Comedy ranges in Part 1 from a bit of “potty” humor stage right by way of a cleverly hidden commode, to the many exchanges of pranks and cutting wit in the Boar’s Head Tavern, where it’s “happy hour all day,” and a “double room with a wench” runs you just over five shillings. The spiky-haired Ryan Schmidt as Poins is a master of comedic timing, and he proves and excellent buddy with whom the Prince can volley and receive witty banter. Jack Halton plays an oddly energetic Bardolph with a red and warty nose and a flea-ridden body, but his simpleton antics are bittersweet, as the red scarf and long rope ‘round his neck foreshadow his hanging in Henry V.
Aside from Falstaff’s continuing wit, comedy in Part 2 is contrastingly slapstick. George Maguire flamboyantly portrays Justice Shallow with a lisp and lots of spit, while Ian Swift plays his ancient and grouchy sidekick, Justice Silence, initially crumbled over two walking sticks, but near the end of the play, Swift is suddenly light on his gartered feet, engaging in a rollicking song and dance.
Jarion Monroe plays the title character and commands the stage as a sometimes stoic, other times emotional King who is haunted by guilt, conjuring more psychology than politic. Of course, politic must play some part in these histories, mostly represented by Hotspur (William Elsman) and the rebels on one side, and Prince John of Lancaster (Elias Escobedo) on the other. Escobedo nails his role as the good son who follows in his father’s footsteps of desire and duty, and is both cold and calculating in Part 2 when he manipulates and then executes the rebels Mobray, Hastings, and the Archbishop.
Elsman’s Hotspur is perfectly unsettling, circling the stage like a rabid beast, fiery and volcanic, gnashing his teeth while spitting and growling his words. Even when silent—which is not too often when onstage—Elsman shakes as though about to explode. Cat Thompson commands her part as Elsman’s glamorous counterpart, Lady Percy, and aside from the devious and explosive Worcester (well-executed by Stephen Klum), she is the only character who offers her husband’s fiery temper a run for its money. Elsman and Thompson are a perfect fit, portraying a bickering and sometimes cruel surface, while underneath boils their passionate love and understanding of one another. In Part 2, Thompson plays Falstaff’s favorite whore, Doll Tearsheet, going from a glamorous Lady to crack whore chic, the latter with torn stockings, a hot pink corset, five-inch boots, and multi-colored makeup streaming down her once lovely face. In a twist, Thompson’s Doll comes to a violent and surprising onstage end that’s sure to leave the audience shocked.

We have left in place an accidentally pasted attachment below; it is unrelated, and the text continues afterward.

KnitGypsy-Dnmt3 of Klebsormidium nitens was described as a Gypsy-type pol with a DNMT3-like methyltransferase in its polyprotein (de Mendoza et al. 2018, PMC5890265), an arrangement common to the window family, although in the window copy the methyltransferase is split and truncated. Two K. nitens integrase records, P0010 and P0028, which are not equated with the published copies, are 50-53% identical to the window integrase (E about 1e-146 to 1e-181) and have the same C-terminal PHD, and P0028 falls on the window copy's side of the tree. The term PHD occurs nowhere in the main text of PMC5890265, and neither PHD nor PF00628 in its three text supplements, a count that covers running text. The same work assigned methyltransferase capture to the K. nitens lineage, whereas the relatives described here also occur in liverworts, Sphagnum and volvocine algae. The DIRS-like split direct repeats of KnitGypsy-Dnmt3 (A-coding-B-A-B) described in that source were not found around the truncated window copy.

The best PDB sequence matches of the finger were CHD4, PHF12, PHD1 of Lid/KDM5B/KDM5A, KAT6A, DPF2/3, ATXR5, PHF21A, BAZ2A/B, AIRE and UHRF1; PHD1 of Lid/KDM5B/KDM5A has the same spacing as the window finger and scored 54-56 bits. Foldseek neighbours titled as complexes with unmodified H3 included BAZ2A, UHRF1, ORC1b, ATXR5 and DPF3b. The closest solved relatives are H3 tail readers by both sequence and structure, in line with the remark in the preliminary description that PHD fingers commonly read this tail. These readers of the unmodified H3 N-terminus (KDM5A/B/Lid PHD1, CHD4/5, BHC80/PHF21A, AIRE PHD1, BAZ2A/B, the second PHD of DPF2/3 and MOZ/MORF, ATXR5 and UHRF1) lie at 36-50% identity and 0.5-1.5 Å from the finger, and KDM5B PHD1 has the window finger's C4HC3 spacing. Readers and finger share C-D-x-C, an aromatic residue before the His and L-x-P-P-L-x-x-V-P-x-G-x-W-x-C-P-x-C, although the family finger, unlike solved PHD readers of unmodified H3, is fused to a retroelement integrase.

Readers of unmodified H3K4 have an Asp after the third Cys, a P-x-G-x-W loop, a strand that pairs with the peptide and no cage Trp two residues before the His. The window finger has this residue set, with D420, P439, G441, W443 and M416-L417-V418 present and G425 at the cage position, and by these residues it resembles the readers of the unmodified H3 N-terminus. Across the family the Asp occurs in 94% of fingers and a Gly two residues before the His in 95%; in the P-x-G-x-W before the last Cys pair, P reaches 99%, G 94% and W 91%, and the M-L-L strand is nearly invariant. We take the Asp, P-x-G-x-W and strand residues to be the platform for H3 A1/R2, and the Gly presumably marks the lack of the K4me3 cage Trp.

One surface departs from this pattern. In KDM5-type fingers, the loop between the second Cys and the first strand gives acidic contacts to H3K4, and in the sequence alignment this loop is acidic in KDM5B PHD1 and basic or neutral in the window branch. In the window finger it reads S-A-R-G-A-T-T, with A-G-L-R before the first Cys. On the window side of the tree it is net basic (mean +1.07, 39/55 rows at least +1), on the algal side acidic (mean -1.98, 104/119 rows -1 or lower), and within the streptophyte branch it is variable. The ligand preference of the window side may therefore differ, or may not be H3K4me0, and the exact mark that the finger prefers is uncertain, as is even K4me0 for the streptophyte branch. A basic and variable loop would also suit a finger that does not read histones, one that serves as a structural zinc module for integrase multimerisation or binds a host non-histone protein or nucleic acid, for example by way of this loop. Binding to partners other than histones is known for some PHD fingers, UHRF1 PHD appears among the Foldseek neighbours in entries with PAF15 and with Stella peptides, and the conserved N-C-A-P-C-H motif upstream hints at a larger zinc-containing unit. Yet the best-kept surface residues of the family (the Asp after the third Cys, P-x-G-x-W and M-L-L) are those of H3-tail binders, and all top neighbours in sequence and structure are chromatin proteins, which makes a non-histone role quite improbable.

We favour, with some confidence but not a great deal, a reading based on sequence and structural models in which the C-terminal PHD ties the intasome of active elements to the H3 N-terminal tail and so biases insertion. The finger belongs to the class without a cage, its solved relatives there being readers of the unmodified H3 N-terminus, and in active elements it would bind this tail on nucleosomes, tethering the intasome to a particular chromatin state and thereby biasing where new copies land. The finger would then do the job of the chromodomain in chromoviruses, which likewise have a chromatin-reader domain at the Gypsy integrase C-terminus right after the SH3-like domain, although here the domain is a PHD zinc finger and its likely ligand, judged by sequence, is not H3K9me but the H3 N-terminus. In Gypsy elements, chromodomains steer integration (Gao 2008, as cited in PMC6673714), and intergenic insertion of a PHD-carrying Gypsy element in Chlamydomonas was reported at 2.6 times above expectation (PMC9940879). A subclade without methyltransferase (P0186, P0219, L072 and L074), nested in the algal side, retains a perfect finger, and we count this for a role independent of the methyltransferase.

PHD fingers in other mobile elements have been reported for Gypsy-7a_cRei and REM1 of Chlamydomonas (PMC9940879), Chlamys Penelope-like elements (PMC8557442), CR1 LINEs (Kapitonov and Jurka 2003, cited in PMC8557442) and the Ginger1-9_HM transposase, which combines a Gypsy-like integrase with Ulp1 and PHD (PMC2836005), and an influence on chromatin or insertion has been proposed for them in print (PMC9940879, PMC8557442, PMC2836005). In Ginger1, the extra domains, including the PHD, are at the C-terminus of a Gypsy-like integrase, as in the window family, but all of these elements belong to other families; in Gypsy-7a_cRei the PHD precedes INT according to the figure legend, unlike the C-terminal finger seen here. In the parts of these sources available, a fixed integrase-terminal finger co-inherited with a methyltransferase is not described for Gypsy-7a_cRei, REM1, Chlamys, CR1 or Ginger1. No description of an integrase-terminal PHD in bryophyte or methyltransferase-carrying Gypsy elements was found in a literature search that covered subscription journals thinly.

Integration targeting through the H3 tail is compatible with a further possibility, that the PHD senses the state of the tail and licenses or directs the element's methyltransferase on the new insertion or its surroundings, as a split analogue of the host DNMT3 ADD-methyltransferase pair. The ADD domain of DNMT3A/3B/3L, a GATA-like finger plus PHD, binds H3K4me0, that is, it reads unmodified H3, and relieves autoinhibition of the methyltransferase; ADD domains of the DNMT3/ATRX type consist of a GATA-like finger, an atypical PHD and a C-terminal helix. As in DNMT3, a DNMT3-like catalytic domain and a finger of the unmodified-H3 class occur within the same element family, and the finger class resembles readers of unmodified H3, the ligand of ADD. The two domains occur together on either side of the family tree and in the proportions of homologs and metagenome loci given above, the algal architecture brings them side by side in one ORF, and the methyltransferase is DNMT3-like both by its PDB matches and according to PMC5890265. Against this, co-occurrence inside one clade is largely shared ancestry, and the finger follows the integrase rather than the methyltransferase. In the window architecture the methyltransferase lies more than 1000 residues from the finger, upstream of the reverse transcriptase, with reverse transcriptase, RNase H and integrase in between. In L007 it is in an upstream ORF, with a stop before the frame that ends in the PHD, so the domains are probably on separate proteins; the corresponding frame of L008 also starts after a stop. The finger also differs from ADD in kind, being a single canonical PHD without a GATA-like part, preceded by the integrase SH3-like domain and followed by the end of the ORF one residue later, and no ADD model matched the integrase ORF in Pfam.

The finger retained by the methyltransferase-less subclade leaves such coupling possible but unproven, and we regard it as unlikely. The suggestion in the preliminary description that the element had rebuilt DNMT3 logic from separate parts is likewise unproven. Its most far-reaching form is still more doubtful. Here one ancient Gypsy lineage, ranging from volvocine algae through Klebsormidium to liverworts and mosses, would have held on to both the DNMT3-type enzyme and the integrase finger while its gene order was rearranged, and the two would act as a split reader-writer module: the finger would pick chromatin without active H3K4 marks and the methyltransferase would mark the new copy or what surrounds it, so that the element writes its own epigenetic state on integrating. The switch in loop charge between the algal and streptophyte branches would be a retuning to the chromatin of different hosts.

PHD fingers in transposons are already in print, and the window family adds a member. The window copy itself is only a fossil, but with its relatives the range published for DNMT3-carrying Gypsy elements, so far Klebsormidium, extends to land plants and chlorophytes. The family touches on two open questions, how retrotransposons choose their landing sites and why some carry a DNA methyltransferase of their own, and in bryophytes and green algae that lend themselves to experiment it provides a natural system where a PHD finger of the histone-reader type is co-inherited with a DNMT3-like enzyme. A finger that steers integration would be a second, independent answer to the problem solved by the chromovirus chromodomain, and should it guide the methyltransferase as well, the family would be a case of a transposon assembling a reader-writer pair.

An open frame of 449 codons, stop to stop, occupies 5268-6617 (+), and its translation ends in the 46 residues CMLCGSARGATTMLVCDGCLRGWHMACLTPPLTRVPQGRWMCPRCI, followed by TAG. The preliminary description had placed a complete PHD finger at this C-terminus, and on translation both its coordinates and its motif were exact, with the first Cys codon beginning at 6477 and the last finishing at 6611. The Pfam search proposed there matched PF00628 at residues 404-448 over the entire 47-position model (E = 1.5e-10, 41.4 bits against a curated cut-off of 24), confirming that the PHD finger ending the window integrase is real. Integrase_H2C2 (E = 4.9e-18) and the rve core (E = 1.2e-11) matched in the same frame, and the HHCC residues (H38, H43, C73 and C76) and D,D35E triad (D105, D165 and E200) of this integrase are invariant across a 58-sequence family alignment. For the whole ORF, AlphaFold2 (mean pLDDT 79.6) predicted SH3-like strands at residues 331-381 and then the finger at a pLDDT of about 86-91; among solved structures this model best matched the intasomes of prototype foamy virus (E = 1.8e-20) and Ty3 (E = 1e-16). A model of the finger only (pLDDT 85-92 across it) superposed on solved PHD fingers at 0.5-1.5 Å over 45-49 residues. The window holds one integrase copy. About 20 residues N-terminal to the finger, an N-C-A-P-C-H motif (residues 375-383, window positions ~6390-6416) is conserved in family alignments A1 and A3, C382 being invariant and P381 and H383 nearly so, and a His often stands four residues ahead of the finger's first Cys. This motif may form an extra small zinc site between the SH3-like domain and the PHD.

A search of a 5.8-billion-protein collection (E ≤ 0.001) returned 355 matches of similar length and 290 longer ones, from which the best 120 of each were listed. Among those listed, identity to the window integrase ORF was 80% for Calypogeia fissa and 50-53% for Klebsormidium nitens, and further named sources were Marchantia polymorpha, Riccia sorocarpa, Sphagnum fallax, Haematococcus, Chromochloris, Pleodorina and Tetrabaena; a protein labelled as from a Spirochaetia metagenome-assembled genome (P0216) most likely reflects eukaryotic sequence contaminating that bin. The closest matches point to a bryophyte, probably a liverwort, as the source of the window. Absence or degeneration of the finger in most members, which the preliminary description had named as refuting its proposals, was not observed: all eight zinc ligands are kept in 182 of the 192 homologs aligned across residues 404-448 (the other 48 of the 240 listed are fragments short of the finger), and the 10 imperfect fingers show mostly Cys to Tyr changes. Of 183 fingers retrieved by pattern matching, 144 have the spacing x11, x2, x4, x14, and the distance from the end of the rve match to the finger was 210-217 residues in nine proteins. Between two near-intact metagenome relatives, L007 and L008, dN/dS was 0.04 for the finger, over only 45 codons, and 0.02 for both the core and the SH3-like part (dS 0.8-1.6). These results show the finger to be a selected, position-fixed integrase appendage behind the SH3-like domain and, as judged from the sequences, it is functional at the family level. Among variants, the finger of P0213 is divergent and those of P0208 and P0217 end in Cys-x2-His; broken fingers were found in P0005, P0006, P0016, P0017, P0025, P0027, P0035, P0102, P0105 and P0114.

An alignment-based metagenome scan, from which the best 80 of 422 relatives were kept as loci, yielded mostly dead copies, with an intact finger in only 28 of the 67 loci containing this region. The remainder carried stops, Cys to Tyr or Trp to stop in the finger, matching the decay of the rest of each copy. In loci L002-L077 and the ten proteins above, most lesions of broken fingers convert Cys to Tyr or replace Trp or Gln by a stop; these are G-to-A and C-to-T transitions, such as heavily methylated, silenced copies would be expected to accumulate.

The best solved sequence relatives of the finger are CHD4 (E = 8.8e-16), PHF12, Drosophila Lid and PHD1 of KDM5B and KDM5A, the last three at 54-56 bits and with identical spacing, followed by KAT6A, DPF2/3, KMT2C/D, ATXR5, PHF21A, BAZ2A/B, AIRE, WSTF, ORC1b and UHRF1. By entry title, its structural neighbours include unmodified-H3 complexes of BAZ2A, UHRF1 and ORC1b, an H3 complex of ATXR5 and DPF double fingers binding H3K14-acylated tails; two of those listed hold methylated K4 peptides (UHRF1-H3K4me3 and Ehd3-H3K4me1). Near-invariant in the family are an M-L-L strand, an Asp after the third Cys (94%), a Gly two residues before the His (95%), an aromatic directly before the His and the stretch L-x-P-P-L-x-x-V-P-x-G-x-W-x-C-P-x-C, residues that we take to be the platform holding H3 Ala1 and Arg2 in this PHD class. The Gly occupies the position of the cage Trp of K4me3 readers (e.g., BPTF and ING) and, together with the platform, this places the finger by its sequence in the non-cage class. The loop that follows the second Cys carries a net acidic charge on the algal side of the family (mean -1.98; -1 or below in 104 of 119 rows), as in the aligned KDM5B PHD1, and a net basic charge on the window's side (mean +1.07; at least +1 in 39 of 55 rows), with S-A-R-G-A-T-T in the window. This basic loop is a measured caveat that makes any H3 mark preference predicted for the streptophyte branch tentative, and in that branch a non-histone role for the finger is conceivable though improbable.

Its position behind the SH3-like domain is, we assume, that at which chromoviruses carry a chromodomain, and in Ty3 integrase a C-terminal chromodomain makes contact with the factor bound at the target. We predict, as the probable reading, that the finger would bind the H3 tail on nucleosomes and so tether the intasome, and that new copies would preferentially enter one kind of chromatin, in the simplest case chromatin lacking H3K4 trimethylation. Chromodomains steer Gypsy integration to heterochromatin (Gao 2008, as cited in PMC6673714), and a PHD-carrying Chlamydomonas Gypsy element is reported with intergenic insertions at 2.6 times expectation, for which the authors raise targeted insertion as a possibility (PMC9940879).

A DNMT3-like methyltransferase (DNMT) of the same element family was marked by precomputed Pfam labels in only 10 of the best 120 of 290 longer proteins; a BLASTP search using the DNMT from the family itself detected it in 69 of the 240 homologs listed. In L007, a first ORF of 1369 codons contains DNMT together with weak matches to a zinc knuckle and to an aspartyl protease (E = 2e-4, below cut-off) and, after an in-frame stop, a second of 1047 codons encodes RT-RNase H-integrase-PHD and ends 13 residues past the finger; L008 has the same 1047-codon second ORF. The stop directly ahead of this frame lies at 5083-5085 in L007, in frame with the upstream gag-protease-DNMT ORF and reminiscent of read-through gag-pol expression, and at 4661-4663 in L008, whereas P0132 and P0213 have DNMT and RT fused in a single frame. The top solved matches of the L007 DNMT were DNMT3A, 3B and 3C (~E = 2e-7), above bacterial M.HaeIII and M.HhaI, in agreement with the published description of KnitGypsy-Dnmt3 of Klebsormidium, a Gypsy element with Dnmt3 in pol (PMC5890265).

But nothing can upstage Hotspur’s death scene, during which Goodman cradles the dying Elsman in his arms, with one hand on his Elsman’s heart, and the other on his spleen. Goodman both laughs and cries as he finishes Hotspur’s words, torn between emotions, duty, desire, his past and his future. Goodman’s Prince Hal is the only character who is left undeveloped, and I surmise there’s great method in this madness, leaving this Prince/King to redeem time in another play, and on another battlefield. Goodman has good presence on the stage, but his character lacks a present in between his past and future, leaving him to be a mystery folded.